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Motivate more mothers to breastfeed; withdraw vouchers for free formula

1 Comment 16th May 2015

Given sufficient information, encouragement and support, 999 new mothers out of 1000 will lactate within 3 days of birth and are physically capable of breastfeeding their babies.  Yet Britain has the third lowest breastfeeding rates in the world.  Breastfeeding provides the optimum nutritional, immunological and emotional benefits for babies and toddlers, whereas infant formula feeding is unnecessary and risky, costing our healthcare system millions of £££ in treating extra infections (doctor's visits, antibiotics, hospitalizations.)  Mothers want the best for their babies, if only they know what that is.  Help provide better incentives for more mothers to breastfeed, and for longer 1) Withdraw free infant formula milk from Healthy Start Vouchers, see http://www.healthystart.nhs.uk/en/fe/get_the_vouchers.html   and 2) use the mooney saved to enable more mothers to breastfeed more easily by supporting better, up to date, evidence-based infant feeding training for doctors, midwives and health visitors and certification of more Baby-Friendly Hospitals (see www.unicef.org.uk )

Why does this matter?

This is important:

1) because the suboptimal health suffered by formula-fed babies can lead to life-long negative outcomes for themselves (eg increased rates of asthma, obesity, diabetes, lower cognitive ability) and their mothers (increased risk of breast cancer and osteoporosis directly linked to the numbers of months a mother does or does not breastfeed). And because the babies born into the least advantaged environments – those who most need the health benefits of breastfeeding – are the ones least likely to receive them.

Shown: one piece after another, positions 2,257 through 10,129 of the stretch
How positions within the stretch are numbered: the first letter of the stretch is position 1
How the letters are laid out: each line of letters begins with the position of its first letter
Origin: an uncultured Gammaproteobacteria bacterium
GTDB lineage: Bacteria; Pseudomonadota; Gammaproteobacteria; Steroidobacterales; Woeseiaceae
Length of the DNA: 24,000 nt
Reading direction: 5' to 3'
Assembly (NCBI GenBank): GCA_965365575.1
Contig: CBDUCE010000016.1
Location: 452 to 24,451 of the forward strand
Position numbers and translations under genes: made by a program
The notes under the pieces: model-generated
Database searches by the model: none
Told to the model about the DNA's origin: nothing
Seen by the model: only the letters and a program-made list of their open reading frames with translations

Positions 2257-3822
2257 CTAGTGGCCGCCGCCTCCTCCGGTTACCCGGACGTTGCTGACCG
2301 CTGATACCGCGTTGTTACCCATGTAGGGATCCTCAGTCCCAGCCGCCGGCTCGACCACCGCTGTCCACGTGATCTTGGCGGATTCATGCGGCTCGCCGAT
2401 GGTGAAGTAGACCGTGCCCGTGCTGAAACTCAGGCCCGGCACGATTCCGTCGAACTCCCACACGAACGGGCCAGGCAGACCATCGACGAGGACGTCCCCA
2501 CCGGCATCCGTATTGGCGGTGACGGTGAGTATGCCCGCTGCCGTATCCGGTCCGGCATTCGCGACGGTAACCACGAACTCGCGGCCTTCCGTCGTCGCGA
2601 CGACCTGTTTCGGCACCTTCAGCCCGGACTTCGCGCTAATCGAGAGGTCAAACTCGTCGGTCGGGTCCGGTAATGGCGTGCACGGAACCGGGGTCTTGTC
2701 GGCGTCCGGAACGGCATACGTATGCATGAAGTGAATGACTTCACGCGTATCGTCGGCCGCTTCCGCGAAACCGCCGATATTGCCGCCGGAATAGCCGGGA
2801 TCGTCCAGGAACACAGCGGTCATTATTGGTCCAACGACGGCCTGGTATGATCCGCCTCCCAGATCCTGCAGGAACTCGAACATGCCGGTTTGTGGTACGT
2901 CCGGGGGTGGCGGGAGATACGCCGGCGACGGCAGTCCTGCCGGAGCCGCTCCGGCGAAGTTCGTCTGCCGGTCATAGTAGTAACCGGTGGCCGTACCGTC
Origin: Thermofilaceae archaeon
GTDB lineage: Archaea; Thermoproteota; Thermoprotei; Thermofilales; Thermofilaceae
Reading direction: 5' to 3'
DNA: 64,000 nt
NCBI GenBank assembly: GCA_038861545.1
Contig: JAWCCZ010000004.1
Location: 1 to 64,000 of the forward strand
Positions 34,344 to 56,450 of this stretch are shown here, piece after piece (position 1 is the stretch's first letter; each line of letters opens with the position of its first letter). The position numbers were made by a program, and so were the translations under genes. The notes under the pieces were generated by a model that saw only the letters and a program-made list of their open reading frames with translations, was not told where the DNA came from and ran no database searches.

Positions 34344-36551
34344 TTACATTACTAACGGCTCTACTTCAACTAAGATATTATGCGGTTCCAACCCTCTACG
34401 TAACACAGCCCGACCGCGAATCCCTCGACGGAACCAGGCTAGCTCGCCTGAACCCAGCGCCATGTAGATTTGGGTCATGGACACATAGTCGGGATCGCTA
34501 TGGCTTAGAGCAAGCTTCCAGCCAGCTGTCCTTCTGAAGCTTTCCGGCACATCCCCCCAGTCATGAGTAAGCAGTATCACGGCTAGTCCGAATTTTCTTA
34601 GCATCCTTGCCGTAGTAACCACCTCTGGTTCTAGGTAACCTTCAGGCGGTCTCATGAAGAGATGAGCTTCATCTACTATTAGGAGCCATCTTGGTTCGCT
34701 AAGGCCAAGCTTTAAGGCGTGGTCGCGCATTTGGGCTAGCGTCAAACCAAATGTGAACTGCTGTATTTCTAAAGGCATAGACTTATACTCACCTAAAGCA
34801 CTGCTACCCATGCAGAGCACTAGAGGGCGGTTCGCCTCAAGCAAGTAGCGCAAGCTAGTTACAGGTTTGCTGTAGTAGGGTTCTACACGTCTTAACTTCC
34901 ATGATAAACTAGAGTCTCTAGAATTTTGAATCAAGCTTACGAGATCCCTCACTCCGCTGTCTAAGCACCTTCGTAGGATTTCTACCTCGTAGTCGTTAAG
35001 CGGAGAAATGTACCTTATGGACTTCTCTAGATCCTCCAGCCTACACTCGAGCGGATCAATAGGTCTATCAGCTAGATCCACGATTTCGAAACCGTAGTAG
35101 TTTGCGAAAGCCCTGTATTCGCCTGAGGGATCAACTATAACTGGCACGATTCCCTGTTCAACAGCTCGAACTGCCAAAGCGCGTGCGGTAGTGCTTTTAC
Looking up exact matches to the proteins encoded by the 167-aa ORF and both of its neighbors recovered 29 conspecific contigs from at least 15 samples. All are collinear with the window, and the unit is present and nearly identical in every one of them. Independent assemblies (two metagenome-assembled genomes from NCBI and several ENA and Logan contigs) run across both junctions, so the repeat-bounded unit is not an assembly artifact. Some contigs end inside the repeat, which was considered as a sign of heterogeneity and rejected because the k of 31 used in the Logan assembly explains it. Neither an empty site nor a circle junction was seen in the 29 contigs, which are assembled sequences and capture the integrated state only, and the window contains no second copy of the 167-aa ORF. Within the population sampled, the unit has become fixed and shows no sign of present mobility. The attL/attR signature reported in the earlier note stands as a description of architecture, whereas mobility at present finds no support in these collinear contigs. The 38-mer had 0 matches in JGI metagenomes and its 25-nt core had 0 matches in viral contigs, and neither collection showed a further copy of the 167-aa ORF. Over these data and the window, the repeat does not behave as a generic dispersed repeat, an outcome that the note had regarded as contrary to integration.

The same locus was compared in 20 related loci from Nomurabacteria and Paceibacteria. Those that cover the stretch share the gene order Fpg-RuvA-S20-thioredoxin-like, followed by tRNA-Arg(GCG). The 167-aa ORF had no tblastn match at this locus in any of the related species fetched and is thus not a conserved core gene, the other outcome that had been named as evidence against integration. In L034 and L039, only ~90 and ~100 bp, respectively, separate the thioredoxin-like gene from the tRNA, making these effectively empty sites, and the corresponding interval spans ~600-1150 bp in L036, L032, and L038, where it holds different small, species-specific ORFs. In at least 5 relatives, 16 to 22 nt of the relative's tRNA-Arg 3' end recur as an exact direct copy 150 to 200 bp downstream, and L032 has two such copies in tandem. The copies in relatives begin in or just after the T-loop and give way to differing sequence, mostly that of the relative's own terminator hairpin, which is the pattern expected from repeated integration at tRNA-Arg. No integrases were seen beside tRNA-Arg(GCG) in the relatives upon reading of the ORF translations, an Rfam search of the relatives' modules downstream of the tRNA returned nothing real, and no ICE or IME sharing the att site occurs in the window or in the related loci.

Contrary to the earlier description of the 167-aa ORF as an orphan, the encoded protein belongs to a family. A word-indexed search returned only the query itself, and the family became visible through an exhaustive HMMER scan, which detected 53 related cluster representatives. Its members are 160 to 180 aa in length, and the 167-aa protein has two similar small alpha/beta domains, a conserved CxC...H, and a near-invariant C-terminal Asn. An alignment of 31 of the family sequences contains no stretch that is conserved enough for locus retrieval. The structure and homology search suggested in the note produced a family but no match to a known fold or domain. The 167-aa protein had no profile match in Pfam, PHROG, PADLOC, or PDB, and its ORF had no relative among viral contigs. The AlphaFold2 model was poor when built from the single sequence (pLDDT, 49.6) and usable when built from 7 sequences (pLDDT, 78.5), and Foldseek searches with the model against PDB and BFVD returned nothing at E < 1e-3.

2) because when a healthcare system hands out free formula it provides an (incorrect!) endorsement to mothers about the safety and appropriateness of this method of feeding their babies.  The NHS has a responsibility to promote healthy practices – this would include helping mothers to breastfeed according to international guidelines, ie exclusively for the first six months of life and partially (with weaning foods) for up to 2 years or beyond.

3) because free formula for low income women costs the government millions of £££.  If mothers truly choose to formula-feed, then they should accept responsibility for paying for it themselves, bearing in mind that it takes 40 kg of formula powder to feed one baby for one year.

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One Response to Motivate more mothers to breastfeed; withdraw vouchers for free formula

  1. Zoe Bremer says:

    I can’t see the logic of this. If babies need human milk it doesn’t matter who provides it and no child is going to benefit from being suckled by a drug addict or someone with HIV! Secondly, I can’t see how breastfeeding, which uses up large amounts of calcium, can protect a woman against osteoporosis – it would appear to me that it is more like to cause it.

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